Lucille Maurer left an indelible mark on Maryland's history -- and now everyone can see it.
Yesterday, the state unveiled a 28-by-30-inch portrait of the late Maurer, the first woman to become treasurer of Maryland. The portrait will hang in the State House Calvert Room, then join the paintings of her predecessors in the state's treasury building.
The portrait depicts Maurer in a red suit with a state flag and state seal in the background. A plaque recognizing her leadership among Maryland's women and her commitment to education also is seen.
"What a wonderful testament to a wonderful person," Gov. Parris N. Glendening said during yesterday's ceremony. "The woman I knew was a woman of great compassion, integrity, fortitude and good old common sense."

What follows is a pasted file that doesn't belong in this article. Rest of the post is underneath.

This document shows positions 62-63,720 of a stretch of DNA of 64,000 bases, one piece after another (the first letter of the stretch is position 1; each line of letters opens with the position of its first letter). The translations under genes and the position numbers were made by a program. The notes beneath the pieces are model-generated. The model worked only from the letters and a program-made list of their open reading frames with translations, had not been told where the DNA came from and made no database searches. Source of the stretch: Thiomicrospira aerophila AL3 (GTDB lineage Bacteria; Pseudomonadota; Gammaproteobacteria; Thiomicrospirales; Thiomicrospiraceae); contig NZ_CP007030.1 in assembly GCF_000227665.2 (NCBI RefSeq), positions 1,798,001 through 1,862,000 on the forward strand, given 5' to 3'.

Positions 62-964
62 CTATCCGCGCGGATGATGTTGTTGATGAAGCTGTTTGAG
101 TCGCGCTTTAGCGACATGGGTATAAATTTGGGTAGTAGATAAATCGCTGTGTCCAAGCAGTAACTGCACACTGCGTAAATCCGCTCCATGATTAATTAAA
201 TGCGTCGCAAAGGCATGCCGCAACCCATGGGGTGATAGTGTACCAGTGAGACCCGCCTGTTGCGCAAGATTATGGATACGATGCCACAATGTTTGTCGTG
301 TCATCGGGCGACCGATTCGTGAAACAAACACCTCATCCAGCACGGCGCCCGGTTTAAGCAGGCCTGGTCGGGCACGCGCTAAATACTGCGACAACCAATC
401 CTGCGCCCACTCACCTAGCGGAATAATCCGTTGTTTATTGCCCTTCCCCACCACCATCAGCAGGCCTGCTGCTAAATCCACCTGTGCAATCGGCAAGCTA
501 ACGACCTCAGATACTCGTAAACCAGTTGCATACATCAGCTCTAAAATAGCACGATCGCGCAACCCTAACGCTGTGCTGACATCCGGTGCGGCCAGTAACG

Maurer became treasurer in 1987 after 16 years as a state delegate from Montgomery County. She retired last January after a brain tumor made it difficult for her to work. She died in June at 73.
She was known among state leaders for her work crafting the complicated formula that has been used for two decades to determine the amount of state education aid each county receives -- a formula known as Lee-Maurer, for Maurer and former acting Gov. Blair Lee III.
Under the formula, the richer a county was, the less state aid it received -- which benefited poorer areas such as Baltimore.
"We've come together today not so much in sadness, but in celebration," said Comptroller Louis L. Goldstein. "Lucy Maurer was an exceptional individual. She'll always have a place in the history books of Maryland."
Pub Date: 1/25/97